Estate-tax Repeal, Facing Veto, Is Based On Shades Of Green The Tax Is Seen As Unfair To Entrepreneurs And Farmers. Some Say That Isn't So, And Warn That Congress' Bill Will Help The Richest Most.

Posted: July 16, 2000

WASHINGTON — Joe Olivo, who helps run a family-owned printing shop in Cherry Hill, backs the campaign in Congress to repeal the estate tax. Every year, he pays $12,000 for life insurance and financial advice so that he and his two brothers will not have to sell the $3.5 million business to pay the federal estate tax when they inherit it from their 56-year-old mother, Ann Olivo.

He, like many Congress members, thinks that the estate tax is an unreasonable burden on entrepreneurs and farmers who want to pass their businesses on to their children.

Congress last week sent to President Clinton a bill that would eliminate the tax. The Senate voted 59-39 for the bill, which already had won House approval. But Democrats say the benefits are tilted toward the rich, and Clinton has threatened to veto it. The Senate vote was short of the two-thirds needed to override a veto.

To portray the tax solely as a burden on prosperous folks such as Olivo, though, is misleading.

Only a small proportion of those who pay estate taxes are farmers or family-business owners. And the tax is a burden that can be managed, as Olivo is doing, by setting aside some money each year, financial advisers say.

Not everyone manages it, of course. In a favorite story told by estate planners to prospective customers, the heirs of Joe Robbie, Miami Dolphins owner, could not afford the estate taxes when he died unexpectedly in 1994, and they were forced to sell the team.

The vast majority of estates accumulate wealth through more traditional means, such as profitable careers, savings, and investments in stocks and real estate.

President Clinton opposes repealing the tax. Instead, he and some Democratic allies in Congress propose raising the exemption for farmers and small-family businesses to $2 million, or $4 million for a couple. Such an approach would provide targeted relief to that group while keeping the tax in place for others.

Supporters of the estate tax argue that it helps redistribute wealth from the rich to the poor. They point out that only 2 percent of Americans who die each year have estates large enough to be taxed.

Few, though, are in the same boat as Microsoft cofounder Bill Gates, whose net worth was estimated by Forbes at $60 billion in May even after a tumble in his company's stock price.

Of 47,482 estates taxed in 1998, nearly 40,000 were valued at less than $2.5 million, and 20,000 were at less than $1 million, according to the Treasury Department. The number of estates topping $10 million was 1,062.

Smaller estates pay a relatively small tax. The average bill for estates up to $1 million was $45,810.

Estates are taxable on any amount above $675,000. With relatively simple estate planning, a married couple can, in effect, double that exemption, to $1.35 million. The tax rate ranges from 37 percent to 55 percent.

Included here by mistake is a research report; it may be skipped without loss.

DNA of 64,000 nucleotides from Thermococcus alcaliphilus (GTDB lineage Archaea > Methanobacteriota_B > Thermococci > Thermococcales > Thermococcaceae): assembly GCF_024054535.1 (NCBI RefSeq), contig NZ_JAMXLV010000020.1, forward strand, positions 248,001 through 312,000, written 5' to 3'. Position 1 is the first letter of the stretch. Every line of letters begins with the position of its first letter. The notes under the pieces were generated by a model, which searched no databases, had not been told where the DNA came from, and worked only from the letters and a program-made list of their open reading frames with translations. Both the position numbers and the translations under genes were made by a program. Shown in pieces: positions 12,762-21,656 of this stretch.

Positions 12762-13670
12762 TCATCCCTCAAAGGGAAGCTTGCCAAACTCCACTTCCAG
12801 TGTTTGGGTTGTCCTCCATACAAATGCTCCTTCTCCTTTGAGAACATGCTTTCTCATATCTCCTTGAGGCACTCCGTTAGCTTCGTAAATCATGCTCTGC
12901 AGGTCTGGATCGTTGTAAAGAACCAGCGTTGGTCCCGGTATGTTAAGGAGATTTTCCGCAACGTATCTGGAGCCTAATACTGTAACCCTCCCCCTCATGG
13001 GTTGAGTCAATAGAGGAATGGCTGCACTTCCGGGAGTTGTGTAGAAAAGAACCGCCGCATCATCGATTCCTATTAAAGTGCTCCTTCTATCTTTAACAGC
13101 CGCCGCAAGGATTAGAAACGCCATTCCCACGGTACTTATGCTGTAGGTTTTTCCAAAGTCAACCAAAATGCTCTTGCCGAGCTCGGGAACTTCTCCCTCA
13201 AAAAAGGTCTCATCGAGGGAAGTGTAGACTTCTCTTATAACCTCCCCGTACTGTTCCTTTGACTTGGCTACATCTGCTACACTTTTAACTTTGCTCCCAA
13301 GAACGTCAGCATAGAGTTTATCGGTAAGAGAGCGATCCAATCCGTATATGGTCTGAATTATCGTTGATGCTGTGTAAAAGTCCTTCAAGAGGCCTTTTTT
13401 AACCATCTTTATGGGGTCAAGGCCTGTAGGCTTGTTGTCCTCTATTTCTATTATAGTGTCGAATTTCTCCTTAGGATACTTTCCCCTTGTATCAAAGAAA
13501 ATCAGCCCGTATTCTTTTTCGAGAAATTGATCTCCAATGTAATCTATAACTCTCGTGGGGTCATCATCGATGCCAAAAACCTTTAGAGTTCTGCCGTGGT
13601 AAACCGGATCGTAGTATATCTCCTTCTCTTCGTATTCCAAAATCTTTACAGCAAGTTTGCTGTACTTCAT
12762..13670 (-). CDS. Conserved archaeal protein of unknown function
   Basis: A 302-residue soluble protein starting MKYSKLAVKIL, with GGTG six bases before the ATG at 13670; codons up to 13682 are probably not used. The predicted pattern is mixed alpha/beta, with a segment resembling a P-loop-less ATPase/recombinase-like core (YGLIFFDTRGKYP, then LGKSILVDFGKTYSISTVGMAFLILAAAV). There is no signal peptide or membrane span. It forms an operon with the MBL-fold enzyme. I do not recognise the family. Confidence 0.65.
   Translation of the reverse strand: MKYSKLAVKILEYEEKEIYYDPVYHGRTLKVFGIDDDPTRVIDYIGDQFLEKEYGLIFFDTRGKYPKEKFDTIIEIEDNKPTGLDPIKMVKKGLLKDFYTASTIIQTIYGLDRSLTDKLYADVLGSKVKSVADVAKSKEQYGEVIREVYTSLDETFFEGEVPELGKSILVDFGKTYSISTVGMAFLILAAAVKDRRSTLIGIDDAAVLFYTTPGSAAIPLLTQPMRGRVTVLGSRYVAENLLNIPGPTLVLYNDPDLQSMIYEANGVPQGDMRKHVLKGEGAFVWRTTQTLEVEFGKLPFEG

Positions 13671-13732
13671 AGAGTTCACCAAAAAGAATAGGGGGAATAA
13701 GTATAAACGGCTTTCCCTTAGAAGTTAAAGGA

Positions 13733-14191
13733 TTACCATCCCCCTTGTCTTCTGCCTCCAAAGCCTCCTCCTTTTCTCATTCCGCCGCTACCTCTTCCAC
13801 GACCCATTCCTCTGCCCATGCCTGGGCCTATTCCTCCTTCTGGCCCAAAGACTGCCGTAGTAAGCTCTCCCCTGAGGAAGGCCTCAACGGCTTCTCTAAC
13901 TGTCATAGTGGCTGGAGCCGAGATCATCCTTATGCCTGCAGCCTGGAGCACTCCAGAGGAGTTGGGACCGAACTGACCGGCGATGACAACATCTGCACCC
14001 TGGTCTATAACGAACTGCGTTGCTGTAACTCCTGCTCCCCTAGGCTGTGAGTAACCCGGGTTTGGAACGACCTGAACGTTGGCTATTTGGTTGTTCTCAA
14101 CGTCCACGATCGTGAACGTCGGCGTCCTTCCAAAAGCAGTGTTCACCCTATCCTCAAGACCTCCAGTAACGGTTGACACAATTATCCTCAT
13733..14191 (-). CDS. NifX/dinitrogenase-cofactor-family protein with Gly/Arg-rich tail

Those exemption limits are low enough to affect Ida Prichard, a 78-year-old retired elementary school teacher in Seattle whose only similarity to Gates is that she owns some Microsoft stock.

Frugal throughout her life - she started a bank account at age 10 when she earned 25 cents a can selling wild blackberries - she has built up a taxable estate through savings and investing in a handful of stocks.

Her accountant has told her that the estate will be reduced by what she considers a "large amount" in taxes.

"I feel it's very unjust," she said. "Why does a person have to work and work, save and save, do without diamonds and trips to Las Vegas, and then pay? The biggest punishment in America is for being a hard worker and thrifty."

For the owners of family businesses and farms, the estate tax presents an additional challenge.

Prichard's heirs may be able to sell her home or some stocks to pay the estate tax and divvy up the rest. But a farm or a business may not be able to sell land or other assets without breaking up the business.

Many business owners take out life insurance to help pay the bill when it comes due. They and farmers also work with estate planners to find ways to reduce their tax.

In 1997, Kansas City Chiefs owner Lamar Hunt transferred 80 percent of the team to his children. While he had to pay a gift tax at the same rate as estate tax, it was paid on the 1997 value of the football team, estimated at $188 million by Financial World magazine.

Given the soaring value of sports franchises, that presumably will be much less than it is when Hunt, 67, dies.

"Estate planning is a major issue in sports," said Mark Ganis, president of Sportscorp, a sports investment bank in Chicago.

Opponents of repealing the tax note that the vast majority of estates subject to it are not family businesses or farms.

"Most farms are comfortably under any level that would require them to pay federal estate tax," said Neil Harl, an economics professor at Iowa State University who gives estate-planning seminars to farmers.

Ken Moritsugu's e-mail address is kmoritsugu

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